TheGrio’s 100: DeMaurice Smith, playing hardball for NFL players
TheGrio's 100 - In 2009, DeMaurice Smith left law firm Patton Boggs to become the first NFL-outsider to run the NFL Players' Association...
In 2009, DeMaurice Smith left law firm Patton Boggs to become the first NFL-outsider to run the NFL Players’ Association. He rapidly became a power player in the potential NFL lock-out slated for March, when the players’ collective bargaining agreement with the NFL expires. As NFLPA executive director, Smith is pushing hard for ballers’ interests. Fortunately for the players, the former attorney has experience playing hardball in negotiations.
Smith’s selection to his current post caused controversy. The union has only had three other directors in its more than 40 year history, and all had experience working for the NFL. Though the former attorney came on as an NFL rookie, he has been dominating another field — the field of law — for several decades. The 46-year-old has practice representing Fortune 500 companies, and experience working alongside now-U.S. Attorney General Eric Holder.
DeMaurice Smith is making history … by fighting for football players’ interests against NFL owners, which may lead to the first season without a Super Bowl in more than 40 years. The current negotiations center on the share of the NFL’s annual $8 billion revenue that players take home; right now, it’s nearly 60 percent and Smith is trying to keep it that way, against owners who want the number closer to 40 percent. When player Chad Ochocinco asked Smith in January 2010 the chances, on a scale of 1 to 10, that there’d be a lockout in 2011, Smith replied — “I’d put it at about a 14.”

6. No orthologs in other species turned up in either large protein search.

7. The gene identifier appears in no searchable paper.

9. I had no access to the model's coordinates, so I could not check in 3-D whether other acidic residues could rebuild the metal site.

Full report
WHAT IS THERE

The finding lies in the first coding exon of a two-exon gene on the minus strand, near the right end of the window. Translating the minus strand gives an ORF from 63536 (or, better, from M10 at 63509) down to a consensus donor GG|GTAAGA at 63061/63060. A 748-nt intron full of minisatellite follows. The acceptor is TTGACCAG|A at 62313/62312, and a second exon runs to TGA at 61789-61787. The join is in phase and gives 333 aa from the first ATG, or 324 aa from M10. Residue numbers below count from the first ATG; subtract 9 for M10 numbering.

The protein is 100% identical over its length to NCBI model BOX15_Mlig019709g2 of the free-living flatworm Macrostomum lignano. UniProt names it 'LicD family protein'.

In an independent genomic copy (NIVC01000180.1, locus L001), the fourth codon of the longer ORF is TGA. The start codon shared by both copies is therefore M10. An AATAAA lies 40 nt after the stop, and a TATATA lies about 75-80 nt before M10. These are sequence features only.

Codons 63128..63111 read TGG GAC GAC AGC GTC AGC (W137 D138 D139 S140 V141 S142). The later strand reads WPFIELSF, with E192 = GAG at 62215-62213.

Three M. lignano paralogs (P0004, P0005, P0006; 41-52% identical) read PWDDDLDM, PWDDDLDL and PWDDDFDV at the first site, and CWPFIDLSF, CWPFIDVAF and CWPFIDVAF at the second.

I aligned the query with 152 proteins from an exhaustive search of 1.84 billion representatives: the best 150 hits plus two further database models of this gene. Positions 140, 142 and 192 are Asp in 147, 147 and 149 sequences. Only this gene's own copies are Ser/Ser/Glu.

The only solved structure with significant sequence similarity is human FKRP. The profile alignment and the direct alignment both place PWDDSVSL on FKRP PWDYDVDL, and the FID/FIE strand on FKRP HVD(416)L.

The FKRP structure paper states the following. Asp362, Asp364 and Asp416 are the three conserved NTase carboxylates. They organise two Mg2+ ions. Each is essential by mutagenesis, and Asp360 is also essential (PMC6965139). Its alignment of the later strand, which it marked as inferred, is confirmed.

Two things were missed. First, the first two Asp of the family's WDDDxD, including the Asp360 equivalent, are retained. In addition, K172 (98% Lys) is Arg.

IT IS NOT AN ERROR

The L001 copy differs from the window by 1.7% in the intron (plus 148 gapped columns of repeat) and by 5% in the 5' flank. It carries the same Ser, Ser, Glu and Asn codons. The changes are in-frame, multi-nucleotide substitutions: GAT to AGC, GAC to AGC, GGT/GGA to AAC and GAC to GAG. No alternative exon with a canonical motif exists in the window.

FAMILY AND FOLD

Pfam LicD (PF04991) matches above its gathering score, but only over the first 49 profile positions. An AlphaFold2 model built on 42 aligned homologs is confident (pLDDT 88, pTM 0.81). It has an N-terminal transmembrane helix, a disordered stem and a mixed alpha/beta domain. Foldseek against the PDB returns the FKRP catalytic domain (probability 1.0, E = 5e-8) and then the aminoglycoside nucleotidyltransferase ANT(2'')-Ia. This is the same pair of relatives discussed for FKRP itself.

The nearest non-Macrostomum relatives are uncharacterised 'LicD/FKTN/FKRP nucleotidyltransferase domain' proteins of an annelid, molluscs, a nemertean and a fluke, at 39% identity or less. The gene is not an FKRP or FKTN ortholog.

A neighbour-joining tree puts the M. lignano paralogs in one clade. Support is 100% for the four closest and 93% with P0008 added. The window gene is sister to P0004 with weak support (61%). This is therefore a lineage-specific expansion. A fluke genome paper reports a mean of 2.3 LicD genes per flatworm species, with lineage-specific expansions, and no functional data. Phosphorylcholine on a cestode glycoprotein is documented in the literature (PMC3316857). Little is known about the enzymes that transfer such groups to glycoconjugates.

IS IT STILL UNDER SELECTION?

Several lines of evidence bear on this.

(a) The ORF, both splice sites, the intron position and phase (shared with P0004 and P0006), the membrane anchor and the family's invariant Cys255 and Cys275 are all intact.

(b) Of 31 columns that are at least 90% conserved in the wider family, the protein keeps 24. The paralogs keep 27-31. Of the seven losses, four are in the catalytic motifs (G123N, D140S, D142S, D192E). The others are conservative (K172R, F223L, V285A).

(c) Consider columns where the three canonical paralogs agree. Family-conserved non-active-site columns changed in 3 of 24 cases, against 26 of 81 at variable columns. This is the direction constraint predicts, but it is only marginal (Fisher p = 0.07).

What’s next for DeMaurice?
Aside from current negotiations, Smith has his eye on the long game for his players. Ensuring the highest quality of health care, and career transition assistance, the NFLPA attempts to ensure success for any player who joins the NFL family.
What inspires DeMaurice?
My grandfather preached well into his eighties. He was the grandson of a slave named Grandmother Hines and I see her picture on my desk every day. His son was one of 14 kids raised in the Jim Crow south on a sharecroppers farm,” Smith told theGrio. “A family who grew up sharing shoes and working another person’s land for food and being unable to go to school full time because of their obligation to mutually support each other is one generation away from me. My mother shared the same fight to put herself through school and to raise herself virtually alone. It is one generation away from me. Yet, they succeeded without bitterness. It is inspirational.
On black history …
“Building our history can never be a “passive” role for any person or executive. We will create the history our children will stand upon to make their own history,” Smith told theGrio. “The diversity of the NFL is that history, the empowerment of our businessmen to seize the reins of their own destiny is that history, expanding our influence as men and women in our community is that history, and never forgetting the sacrifices of those who made this possible both in and outside of football is that history.”
A little-known fact …
Gene Upshaw directed the NFLPA from 1983-2008. He’s the only former player to have held the post, as well as the only African-American to head the union other than Smith.
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